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Militants: Nigeria's attempt to rescue hostages botched

A Nigerian militant group says British hostages Robin Barry Hughes, left, and Matthew John Maguire weren’t in the village during the rescue mission in Nigeria’s oil-rich delta region.

Associated Press

A Nigerian militant group says British hostages Robin Barry Hughes, left, and Matthew John Maguire weren’t in the village during the rescue mission in Nigeria’s oil-rich delta region.

LAGOS, Nigeria — Militants said Sunday that the Nigerian military botched a rescue mission aimed at liberating two British hostages held captive in Nigeria's restive southern oil region.

The Movement for the Emancipation of the Niger Delta said in an e-mail message that the overnight mission caused the militants to separate the British victims and move them deeper into the region's vast network of creeks and mangrove swamps.

The militants said the hostages weren't in the village where the military launched its attack, which the militants said left some men, women and children dead.

In a separate incident, unidentified gunmen attacked vessels near a crude-oil loading installation late Saturday and one crew member was killed, a private security official said Sunday.

The official, who spoke on condition of anonymity due to company prohibitions on dealings with the news media, said the gunmen had initially tried to board an oil tanker, but turned their sights on smaller service vessels after failing to board the tanker. Some crew members were reported kidnapped, but no details were immediately available, the official said.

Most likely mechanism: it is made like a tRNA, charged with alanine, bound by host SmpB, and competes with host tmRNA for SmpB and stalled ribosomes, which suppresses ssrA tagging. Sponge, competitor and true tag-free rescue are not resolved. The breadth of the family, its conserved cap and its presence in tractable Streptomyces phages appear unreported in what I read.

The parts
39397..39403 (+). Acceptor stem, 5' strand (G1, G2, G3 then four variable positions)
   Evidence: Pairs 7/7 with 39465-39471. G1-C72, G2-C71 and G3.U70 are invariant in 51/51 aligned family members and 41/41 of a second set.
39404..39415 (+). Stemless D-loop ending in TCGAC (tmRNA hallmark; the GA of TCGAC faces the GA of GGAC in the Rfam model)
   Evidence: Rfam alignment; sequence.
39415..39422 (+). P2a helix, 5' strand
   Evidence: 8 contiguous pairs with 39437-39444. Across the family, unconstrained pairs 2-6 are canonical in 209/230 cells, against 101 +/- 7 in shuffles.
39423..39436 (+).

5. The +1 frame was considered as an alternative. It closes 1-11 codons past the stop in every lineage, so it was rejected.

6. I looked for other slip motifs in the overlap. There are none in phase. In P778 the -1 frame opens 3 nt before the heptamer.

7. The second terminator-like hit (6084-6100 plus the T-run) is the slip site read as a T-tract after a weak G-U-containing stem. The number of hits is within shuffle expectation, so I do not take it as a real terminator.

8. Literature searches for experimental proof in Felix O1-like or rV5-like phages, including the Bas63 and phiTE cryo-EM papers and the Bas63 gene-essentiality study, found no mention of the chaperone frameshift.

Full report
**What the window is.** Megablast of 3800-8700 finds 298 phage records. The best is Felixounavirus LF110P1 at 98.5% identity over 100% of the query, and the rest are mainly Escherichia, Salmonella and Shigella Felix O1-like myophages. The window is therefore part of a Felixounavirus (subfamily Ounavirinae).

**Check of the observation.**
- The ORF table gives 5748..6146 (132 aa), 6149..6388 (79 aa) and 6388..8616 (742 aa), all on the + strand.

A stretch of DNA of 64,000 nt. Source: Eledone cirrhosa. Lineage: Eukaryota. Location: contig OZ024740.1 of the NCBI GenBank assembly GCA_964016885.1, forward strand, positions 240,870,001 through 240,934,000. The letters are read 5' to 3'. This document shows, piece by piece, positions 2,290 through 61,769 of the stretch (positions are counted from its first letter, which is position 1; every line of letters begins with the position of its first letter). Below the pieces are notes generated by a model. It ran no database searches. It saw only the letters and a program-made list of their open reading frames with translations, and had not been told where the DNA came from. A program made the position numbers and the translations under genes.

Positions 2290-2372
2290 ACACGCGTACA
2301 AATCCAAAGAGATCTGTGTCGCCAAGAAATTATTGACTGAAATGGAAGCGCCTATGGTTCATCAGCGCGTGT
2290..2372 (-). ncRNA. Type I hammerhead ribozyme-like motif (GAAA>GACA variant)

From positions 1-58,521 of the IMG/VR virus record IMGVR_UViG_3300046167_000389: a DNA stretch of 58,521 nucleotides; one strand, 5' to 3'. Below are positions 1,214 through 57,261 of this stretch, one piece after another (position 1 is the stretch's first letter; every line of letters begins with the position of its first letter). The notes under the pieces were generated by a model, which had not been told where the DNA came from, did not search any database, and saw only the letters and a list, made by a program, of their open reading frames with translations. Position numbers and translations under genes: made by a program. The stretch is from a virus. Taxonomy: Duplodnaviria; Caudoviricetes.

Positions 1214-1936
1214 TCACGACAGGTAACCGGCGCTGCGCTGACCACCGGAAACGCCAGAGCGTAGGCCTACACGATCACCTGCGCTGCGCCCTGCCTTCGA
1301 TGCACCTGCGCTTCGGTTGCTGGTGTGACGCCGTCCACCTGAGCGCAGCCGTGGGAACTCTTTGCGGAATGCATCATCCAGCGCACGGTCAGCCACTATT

A military spokesman couldn't be reached for comment.

The British hostages are among 27 oil workers, including five expatriates, kidnapped by militants when their vessel was hijacked Sept. 9. The other hostages were later released.

The militants are behind nearly three years of rising violence in the southern Niger Delta, where more than 200 hundred foreign workers have been kidnapped. The hostages are normally released after a ransom is paid.

The militants say their deeply impoverished areas have not benefited from five decades of oil production, and they are agitating for more federally held oil funds to be sent to the southern oil states.

The government acknowledges the grievances of many in the southern Niger Delta, but denounces the militants as criminals who use their struggle as a cover to make money by stealing crude oil and selling it overseas.

Corrupt government officials, however, also siphon off and sell oil. Many state-level politicians are linked to the militants and other armed gangs, whom they hire to rig elections.

Nigeria is Africa's top oil producer, but attacks on the industry's infrastructure have reduced production by almost a quarter. It is routinely ranked as one of the most corrupt countries in the world.

Militants: Nigeria's attempt to rescue hostages botched 01/18/09 [Last modified: Sunday, January 18, 2009 9:28pm]
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